Reflecting refers to exploring the essential meaning of what is said, ‘above, beneath, and beyond the words’ used to present the Guidelines. It requires an act of personal ‘translation, re-translation, and back-translation’ of the terms utilized, endeavoring to understand the intended meaning.

Contemplating refers to the systematic application of the Guidelines to various situations and circumstances in your life, the lives of others, and the context in which these manifest. You can begin this aspect of the practice by exploring past events in light of the Guidelines, progress to an examination of current events (in your own and the lives of others), and eventually attempt to ‘foresee’ future trends in light of the Guidelines.

Analytical Meditation is practiced by addressing each Guideline individually during at least one session, or until you are satisfied with the effort. It is important to reserve judgment on any individual Guideline until you have a clear understanding of its inter-relation with others.

The Guidelines offer a perspective, a principled approach to conduct, and not a set of pre-ordained and fixed rules. You read one Guideline at a time, and accept it provisionally —as a hypothesis, much like you would in a scientific experiment. This is hearing.

Reflecting means that you think of what is meant by the words used to express the Guideline. Words are symbols; they attempt to communicate an idea —what that idea means is how you interpret it, what it says to you personally. How would you state this Guideline if you were presenting it to others? Does it match how you have habitually seen the world? Does it offer a different perspective? How is it similar? How is it different?

Are the similarities or differences a matter of degree? Is the Guideline more or less like or unlike your habitual perspective? Does the Guideline offer a radically different point of view? Proceed to contemplate how that Guideline explains or adds insight to your own experiences in the past and present, and eventually how it could inform actions you may perform in the future.

The purpose of the practice is to challenge how you habitually see the world, and consequently your patterns of customary behavior. Ultimately, it does not matter whether you accept or reject the Guideline. Just adopting it provisionally, seeing how it would change your evaluation of past and present experiences —and how it might inform future activity— will accomplish that goal.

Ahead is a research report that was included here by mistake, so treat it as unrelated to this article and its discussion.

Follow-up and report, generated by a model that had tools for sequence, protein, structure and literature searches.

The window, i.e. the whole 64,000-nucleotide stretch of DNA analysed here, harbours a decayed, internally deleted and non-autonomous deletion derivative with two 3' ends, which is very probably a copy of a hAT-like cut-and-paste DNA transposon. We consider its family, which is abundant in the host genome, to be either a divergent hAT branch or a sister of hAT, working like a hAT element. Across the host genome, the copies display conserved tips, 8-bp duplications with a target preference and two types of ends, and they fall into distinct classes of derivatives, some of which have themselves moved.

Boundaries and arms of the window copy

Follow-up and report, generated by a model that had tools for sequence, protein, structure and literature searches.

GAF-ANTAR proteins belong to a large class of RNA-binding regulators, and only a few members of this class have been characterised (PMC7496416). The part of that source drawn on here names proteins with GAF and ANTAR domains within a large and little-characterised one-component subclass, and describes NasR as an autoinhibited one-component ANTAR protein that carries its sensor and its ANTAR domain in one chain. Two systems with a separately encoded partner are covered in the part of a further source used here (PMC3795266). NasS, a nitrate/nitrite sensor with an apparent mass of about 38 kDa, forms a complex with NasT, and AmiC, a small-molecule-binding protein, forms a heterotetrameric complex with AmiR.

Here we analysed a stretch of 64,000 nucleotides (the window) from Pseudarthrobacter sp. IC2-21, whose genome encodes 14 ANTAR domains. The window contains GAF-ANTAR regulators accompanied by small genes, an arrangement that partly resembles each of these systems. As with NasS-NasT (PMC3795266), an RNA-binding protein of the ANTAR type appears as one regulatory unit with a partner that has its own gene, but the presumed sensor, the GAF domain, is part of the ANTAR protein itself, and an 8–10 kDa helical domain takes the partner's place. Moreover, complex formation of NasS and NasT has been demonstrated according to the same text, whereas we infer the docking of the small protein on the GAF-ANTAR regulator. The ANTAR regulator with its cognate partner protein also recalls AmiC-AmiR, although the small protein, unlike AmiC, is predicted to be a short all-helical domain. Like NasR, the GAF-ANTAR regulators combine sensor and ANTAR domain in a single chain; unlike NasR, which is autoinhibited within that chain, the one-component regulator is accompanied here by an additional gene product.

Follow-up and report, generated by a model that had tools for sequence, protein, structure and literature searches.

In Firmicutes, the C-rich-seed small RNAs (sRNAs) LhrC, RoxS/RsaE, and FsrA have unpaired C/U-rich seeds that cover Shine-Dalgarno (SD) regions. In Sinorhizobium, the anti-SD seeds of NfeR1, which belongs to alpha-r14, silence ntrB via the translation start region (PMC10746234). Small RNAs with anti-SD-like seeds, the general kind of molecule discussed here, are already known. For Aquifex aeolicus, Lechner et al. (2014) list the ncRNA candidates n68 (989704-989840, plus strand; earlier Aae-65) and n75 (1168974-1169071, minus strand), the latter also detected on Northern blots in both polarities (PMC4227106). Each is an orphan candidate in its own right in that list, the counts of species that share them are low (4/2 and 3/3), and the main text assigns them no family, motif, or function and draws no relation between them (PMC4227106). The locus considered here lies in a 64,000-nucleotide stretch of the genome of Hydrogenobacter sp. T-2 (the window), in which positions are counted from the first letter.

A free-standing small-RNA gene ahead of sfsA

The fundamental problem with fixed or habitual perspectives is that one constantly applies old perceptual and behavioral patterns to new situations. Regardless of how successful those patterns may have been in the past, they necessarily limit your options in the present, as they do not allow for a fresh evaluation of the current situation and an unbiased selection of appropriate responses.

Some examples:

  • A person may have learned to drive a car in a very congested city, where aggressive driving was the norm. If that person continues to drive in that manner in a different environment, where people are used to more courteous driving, unnecessary dangers may arise.
  • A person living in a harsh northern climate may have limited food choices, and may settle on a diet which may be deficient in fruits and vegetables, but is the best possible option given those circumstances. However, if that person relocates to the tropics, continuing that pattern of eating most probably is no longer the best option available.
  • A child that is abused in the home may develop a defensive attitude that leads to isolation from others. While that strategy may protect the child by minimizing opportunities for abuse, later on in life that person (now an adult) may continue the pattern of isolation, when it is no longer protective.

Through Analytical Meditation, you will be systematically dislodging those patterns and replacing them with more beneficial perspectives. Please postpone any consideration of whether these Guidelines are ultimately true or not, because fundamentally the purpose of the practice is to accept that there are other ways of perceiving the world and acting in it.

Preliminary Practice